Bush, who now works with NBC's Today show, issued a statement apologizing for his sexual bantering with Trump. Bush — the nephew of former president George H.W. Bush and a cousin of ex-president George W. Bush — said he is "embarrassed and ashamed" by the Trump tape. “It’s no excuse, but this happened 11 years ago," he added. "I was younger, less mature and acted foolishly in playing along. I’m very sorry.”
Critics called Trump's comments vulgar at best, and some said the comment about grabbing women amounted to promotion of sexual assault.
Jeb Bush, who lost to Trump in the Republican primaries earlier this year, said in a tweet: "As the grandfather of two precious girls, I find that no apology can excuse away Donald Trump's reprehensible comments degrading women."
In his statement, Trump said that campaigning across the nation has "changed" him, and he pledged to be a "better man" because of it.
The New York real estate magnate also called the flap "a distraction" from the important issues.
"We are losing our jobs," Trump said. "We are less safe than we were eight years ago and Washington is broken. Hillary Clinton, and her kind, have run our country into the ground."
Trump also cited women who alleged sexual misconduct against former president Bill Clinton, and claimed that "Hillary has bullied, attacked, shamed and intimidated his victims. We will discuss this more in the coming days."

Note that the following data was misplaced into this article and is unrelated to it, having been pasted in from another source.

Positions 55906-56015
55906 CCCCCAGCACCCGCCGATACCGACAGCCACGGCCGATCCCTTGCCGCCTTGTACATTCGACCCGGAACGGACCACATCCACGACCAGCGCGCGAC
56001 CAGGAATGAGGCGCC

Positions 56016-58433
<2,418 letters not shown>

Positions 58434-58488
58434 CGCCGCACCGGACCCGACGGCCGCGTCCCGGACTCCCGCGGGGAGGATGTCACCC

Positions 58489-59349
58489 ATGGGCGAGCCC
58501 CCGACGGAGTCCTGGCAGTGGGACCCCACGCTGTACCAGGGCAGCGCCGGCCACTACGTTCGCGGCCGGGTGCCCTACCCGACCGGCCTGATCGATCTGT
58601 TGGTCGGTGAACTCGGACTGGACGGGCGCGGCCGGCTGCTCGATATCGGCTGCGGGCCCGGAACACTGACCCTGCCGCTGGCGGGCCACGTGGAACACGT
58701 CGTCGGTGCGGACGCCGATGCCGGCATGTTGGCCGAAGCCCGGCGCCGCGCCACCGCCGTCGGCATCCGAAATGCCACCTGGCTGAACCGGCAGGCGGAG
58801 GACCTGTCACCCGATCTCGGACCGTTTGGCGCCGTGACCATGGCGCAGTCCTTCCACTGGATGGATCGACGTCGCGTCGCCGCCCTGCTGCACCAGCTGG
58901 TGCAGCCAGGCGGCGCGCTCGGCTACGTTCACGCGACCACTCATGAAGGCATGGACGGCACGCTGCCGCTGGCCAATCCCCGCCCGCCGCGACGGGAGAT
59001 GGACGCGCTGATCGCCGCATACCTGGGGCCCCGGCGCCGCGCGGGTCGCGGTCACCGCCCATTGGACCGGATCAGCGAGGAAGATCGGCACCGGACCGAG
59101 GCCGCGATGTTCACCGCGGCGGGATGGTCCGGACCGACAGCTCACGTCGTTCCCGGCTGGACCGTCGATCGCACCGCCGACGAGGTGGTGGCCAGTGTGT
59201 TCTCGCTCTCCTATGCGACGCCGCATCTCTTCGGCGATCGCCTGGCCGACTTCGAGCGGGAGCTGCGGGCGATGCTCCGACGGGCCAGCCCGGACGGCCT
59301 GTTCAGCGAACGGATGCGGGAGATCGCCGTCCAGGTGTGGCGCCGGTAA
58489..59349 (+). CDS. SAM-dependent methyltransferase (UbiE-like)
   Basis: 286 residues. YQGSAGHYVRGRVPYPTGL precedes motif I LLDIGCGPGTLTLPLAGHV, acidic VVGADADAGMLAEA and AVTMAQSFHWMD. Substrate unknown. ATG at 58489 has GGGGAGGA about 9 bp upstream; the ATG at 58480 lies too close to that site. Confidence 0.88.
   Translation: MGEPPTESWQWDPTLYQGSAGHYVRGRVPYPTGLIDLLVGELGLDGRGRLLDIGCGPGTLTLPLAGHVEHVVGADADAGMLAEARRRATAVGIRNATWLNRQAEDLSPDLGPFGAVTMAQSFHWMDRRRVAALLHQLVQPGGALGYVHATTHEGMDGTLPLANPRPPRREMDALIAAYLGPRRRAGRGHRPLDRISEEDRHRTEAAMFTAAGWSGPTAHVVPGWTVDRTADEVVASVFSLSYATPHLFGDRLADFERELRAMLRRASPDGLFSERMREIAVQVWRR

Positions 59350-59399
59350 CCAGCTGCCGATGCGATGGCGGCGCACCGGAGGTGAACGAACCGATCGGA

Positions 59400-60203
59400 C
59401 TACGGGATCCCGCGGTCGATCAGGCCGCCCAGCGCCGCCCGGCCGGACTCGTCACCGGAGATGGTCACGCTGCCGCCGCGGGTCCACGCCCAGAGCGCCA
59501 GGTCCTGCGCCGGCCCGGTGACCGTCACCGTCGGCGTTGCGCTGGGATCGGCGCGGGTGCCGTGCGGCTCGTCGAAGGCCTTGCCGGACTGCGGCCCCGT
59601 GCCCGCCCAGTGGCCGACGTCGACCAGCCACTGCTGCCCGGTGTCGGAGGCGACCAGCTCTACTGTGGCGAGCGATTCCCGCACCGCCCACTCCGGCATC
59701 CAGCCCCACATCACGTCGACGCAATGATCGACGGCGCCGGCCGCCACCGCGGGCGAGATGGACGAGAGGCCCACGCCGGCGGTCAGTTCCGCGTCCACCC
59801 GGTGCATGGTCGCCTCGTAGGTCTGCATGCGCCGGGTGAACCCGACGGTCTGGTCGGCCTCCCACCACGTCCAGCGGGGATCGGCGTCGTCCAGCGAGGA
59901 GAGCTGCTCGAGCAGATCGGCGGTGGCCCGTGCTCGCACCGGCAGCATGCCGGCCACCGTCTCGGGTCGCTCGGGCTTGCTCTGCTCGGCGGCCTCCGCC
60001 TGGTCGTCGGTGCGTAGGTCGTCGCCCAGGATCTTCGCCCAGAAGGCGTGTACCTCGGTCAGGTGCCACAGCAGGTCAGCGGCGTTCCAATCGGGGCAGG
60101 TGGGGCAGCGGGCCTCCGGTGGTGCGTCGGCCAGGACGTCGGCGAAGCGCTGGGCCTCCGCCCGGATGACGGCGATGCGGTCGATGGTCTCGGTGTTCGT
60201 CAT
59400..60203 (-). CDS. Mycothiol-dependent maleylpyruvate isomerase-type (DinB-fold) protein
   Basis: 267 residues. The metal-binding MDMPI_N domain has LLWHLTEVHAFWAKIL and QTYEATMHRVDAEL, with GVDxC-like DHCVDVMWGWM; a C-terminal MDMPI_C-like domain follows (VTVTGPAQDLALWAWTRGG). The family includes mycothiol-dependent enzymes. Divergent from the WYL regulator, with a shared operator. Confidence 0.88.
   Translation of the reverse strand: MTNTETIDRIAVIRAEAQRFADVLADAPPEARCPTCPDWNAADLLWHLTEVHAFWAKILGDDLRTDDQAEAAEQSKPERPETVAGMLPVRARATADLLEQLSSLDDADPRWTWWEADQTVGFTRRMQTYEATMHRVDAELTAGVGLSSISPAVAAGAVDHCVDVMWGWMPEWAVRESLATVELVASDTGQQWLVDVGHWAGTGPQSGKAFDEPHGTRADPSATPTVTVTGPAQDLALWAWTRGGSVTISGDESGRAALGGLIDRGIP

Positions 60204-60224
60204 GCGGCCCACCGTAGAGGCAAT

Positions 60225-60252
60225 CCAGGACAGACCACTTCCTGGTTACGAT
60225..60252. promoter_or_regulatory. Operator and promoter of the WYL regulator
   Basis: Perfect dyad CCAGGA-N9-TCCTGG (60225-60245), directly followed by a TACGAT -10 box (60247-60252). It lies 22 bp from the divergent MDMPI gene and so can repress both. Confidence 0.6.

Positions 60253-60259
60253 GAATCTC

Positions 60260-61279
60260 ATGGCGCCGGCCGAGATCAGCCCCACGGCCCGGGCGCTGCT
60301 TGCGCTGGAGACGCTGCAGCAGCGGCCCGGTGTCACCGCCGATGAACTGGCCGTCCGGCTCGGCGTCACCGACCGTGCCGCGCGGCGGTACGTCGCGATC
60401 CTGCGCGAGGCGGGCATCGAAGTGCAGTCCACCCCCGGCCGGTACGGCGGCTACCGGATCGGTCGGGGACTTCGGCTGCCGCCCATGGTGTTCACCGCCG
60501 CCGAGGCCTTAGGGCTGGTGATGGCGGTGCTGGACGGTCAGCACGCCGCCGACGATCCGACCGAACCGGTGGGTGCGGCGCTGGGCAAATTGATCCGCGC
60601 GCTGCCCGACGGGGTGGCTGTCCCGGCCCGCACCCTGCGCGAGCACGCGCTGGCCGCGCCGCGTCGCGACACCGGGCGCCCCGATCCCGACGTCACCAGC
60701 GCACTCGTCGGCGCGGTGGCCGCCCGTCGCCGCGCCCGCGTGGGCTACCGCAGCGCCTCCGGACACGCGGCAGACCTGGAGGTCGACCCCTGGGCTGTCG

GOP strategists said they worried that the Trump revelations could hurt other Republicans on the Nov. 8 ballot. Republicans are defending 24 Senate seats to Democrats’ 10, and are locked in tight races from North Carolina to Nevada.
Rob Engstrom, the senior vice president of the U.S. Chamber of Commerce, on Friday night called on Trump to “step down immediately” and hand the nomination to his running mate, Indiana Gov. Mike Pence. The chamber launched a “Save the Senate” campaign in late May to encourage Republican donors, who were avoiding the divisive presidential campaign, to rally around competitive Senate races.
South Carolina Sen. Lindsey Graham, a frequent Trump critic who serves as a fundraiser for the chamber’s Senate effort, on warned Saturday that Trump's propose use of Bill Clinton indiscretions could be a losing strategy.
“I don’t believe the Bill Clinton defense will work as we impeached Bill Clinton,” Graham said on Twitter. “I was there.”
A number of Republicans also said the comments may well end whatever chance Trump himself had to prevail in the Nov. 8 election.
Matt Mackowiak, a Republican consultant based in Texas, said "the bombshell" confirms an existing narrative already hurting Trump with women who make up more than half the electorate.
"The bottom line is Trump has been misogynistic for much of his adult life," Mackowiak said, adding that "this will begin a death spiral for the Trump campaign and I don't know how you can break it. We don't know where his floor is now."
Liz Mair, a Republican consultant who participated in the "Never Trump" movement, called the whole thing entirely predictable.
"It's incredible that so many Republicans couldn't see that something like this would eventually come out," she said.
Contributing: Fredreka Schouten